Perhaps the biggest question for Sara A. Harris, 37, the town’s new operations manager, is, “Why Westport?
She has held top posts with New York City’s Bloomberg administration from 2004 to 2013. She served in the Big Apple’s Office of Management and Budget (OMB) managing more than $2 billion in city revenue.
In 2014, she became chief of staff for the city’s Department of Parks & Recreation’s Capital Division. There she oversaw a staff of about 400 responsible for the design and construction of all parkland projects.
In 2015, she returned the OMB, focusing on financial efficiencies and whether money was being well spent in different governmental areas.
Thursday, July 13, 2017
Guests at The Pearl Restaurant’s patio at Longshore Club Park will soon be able to sit at the bar and tables and order food and drinks. The Westport Planning and Zoning Commission, by a 3 to 2 vote with 1 abstention, tonight approved new regulations for the restaurant. Until now, the patio bar had been a service bar only and no food could be ordered at the tables. (CLICK TO ENLARGE) Dave Matlow for WestportNow.com
Villa del Sol Mexican restaurant at 36 Elm St. will be moving to 170 Post Road West with approval tonight from the Westport Planning and Zoning Commission. The restaurant had asked for the okay involving some parking issues at the new location, which has been empty since the May 2015 departure of Peachwave frozen yogurt. Developer David Waldman is purchasing 36 Elm St. as part of a land swap with the town that would see construction of a retail and residential building across the street behind Lux Bond & Green. (CLICK TO ENLARGE) Dave Matlow for WestportNow.com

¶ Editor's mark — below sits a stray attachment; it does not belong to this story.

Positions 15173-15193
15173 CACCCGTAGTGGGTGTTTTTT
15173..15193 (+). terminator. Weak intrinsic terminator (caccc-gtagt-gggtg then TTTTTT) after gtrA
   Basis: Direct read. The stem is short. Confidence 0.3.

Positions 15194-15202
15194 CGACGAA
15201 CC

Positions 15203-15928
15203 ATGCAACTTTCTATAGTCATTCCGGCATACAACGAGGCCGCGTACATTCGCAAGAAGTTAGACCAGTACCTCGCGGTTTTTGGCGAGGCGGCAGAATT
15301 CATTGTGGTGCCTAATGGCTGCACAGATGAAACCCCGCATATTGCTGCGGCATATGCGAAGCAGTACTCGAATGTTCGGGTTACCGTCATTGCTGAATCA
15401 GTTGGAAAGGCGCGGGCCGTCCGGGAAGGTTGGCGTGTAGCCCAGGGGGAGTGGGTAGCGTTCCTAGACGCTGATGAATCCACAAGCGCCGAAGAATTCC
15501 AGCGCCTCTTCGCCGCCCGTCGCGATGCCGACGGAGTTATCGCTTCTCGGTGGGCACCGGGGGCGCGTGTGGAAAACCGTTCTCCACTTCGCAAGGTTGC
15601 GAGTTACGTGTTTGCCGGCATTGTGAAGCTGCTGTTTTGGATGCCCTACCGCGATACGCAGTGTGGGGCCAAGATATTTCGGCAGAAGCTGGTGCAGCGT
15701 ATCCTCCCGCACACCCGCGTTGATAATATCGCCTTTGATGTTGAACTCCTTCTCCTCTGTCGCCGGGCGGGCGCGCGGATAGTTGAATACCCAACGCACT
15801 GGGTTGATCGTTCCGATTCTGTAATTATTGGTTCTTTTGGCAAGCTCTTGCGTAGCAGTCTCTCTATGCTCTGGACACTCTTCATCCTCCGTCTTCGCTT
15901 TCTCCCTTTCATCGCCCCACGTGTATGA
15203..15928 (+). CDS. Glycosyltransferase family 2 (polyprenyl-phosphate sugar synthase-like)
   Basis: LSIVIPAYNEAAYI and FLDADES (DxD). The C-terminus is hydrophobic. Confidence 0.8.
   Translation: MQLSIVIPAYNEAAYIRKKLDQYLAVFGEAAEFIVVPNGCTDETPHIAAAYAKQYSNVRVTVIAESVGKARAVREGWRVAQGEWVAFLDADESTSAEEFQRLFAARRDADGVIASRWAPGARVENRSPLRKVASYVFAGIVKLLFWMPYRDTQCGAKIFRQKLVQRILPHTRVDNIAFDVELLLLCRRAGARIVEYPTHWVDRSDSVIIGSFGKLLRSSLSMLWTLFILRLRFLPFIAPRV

By Keith M. Phaneufwww.ctmirror.org
Gov. Dannel P. Malloy has said repeatedly that all of the budgets legislative caucuses have proposed are so flawed he would veto them.
But the Malloy administration conceded this week that there are some holes in the governor’s budget as well — worth more than $120 million.
The $40.6 billion, two-year budget Malloy unveiled on May 15 effectively assumes $46.7 million in labor savings in the first year and $74.5 million in the second that the administration now acknowledges it can’t achieve — at least as originally planned.
Why? Because those cost-saving measures — which largely involve reducing staff and closing and consolidating facilities — would require layoffs that would be prohibited for four years under the concessions deal pending before state employee unions.